In her regular series for Cambridge Network members, software training expert Karen Roem offers handy tips to help you 'Tame your computer'. This week she explains how to schedule an email message to be sent at your preferred date and time (Microsoft Outlook)...
Tame your computer - schedule your sends
Happy new year to all of you! Hope you had a relaxing break and didn’t return to an overstuffed inbox. Speaking of which …
If you want people to read and answer your email message, apparently sending it on a Tuesday morning is the best time. After all, everyone finds a lot of messages on Monday morning and most people have mentally switched off by Friday afternoon. But what if you don’t have time to send your message on a Tuesday morning? Well, you can easily schedule a date and time at which your message should be delivered.
- Create your email message as normal. (CTRL + N springs to mind.)
- Click on the Delay delivery button in the More Options group on the Options tab.
- Select the Do not deliver before check box.
- Press TAB and type your preferred delivery date. For example, tomorrow, next week, next month, 5/1 … In short: no need to use the drop-down arrows.
- Press TAB and type your preferred delivery time. For example, 10AM or 3PM. (Or use the drop-down arrows if you prefer.)
- Click the Close button.
- Click the Send button.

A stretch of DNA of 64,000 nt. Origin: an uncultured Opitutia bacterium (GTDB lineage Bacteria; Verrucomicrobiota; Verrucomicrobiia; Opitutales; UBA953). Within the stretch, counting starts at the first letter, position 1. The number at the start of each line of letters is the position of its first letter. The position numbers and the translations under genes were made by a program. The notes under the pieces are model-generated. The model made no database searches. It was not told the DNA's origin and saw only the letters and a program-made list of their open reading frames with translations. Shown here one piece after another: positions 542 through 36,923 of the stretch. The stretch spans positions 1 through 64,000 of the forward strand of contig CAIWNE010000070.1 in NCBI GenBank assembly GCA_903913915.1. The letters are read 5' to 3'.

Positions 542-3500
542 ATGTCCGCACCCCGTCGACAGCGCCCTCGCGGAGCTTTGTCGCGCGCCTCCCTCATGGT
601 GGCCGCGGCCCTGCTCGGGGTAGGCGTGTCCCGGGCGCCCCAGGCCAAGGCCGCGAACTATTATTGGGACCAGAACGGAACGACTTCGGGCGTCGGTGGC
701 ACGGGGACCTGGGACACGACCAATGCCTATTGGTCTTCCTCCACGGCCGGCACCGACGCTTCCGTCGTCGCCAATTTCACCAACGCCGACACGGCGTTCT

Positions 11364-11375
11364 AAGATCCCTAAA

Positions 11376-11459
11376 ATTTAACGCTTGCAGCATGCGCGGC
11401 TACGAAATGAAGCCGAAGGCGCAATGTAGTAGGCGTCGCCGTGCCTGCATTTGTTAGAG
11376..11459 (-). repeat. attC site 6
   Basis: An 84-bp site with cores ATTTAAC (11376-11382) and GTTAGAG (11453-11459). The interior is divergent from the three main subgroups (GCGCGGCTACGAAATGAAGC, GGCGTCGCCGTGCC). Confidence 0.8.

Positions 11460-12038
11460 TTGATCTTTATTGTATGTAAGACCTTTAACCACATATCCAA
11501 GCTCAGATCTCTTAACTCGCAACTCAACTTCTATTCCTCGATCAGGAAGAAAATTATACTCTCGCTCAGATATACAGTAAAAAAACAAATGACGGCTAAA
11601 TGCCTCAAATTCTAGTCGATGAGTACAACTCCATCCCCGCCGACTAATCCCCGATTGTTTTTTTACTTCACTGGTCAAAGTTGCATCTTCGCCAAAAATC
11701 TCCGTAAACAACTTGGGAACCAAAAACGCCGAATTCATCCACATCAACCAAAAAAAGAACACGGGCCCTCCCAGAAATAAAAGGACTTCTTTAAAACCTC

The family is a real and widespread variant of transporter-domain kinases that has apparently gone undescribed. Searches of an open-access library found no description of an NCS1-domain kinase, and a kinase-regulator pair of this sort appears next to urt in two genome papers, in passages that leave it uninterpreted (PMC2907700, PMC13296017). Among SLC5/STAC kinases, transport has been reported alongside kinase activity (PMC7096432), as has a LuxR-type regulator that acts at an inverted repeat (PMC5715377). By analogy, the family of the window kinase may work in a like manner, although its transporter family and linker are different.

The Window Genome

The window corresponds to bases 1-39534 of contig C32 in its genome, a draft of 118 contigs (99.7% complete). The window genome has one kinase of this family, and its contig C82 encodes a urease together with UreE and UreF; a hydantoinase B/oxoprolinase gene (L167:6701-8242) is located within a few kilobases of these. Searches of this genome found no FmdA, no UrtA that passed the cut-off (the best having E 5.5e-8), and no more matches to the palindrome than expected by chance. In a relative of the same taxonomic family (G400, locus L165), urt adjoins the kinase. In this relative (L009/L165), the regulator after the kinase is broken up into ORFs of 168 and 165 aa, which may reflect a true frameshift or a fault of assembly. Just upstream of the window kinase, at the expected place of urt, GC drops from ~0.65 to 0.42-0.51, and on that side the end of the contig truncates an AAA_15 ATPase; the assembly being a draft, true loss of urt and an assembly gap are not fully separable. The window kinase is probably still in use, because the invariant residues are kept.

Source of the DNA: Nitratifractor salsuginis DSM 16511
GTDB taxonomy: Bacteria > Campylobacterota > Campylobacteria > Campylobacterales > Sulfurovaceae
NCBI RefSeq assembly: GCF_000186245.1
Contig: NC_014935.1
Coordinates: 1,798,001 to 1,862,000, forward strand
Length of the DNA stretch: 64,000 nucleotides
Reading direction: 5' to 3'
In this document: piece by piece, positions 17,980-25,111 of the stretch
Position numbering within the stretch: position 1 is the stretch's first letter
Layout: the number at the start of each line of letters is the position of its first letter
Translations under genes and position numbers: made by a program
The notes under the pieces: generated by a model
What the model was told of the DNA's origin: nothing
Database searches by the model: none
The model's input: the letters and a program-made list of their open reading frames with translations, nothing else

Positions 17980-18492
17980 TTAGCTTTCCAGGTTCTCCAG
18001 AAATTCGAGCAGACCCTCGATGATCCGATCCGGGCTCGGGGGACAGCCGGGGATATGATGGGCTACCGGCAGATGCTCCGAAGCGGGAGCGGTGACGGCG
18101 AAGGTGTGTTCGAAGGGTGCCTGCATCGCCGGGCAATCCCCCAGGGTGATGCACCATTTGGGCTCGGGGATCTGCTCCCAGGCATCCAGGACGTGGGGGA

Your message remains in the Outbox folder until the specified delivery time. When closing down Outlook, it will remind you that there are unsent messages. Treat this as a prompt not to close down Outlook as the scheduled message might not be sent. (If you work somewhere where they run a program named Microsoft Exchange Server you do not need to keep Outlook open and you can log off or shut down as normal.)
By the way, if you want, you can set up a rule that will delay the delivery of all your email messages - by up to 120 minutes. This might be particularly helpful if you often wished you hadn’t sent it. Perhaps you suddenly remembered something you needed to change? Or perhaps a related email came in. Maybe you often forget to add the attachment you mention in your email? Anyway, I’ll use that as input for a future tip.
* Unless stated otherwise, these tips were written for Microsoft Office 2010.
3 January 2017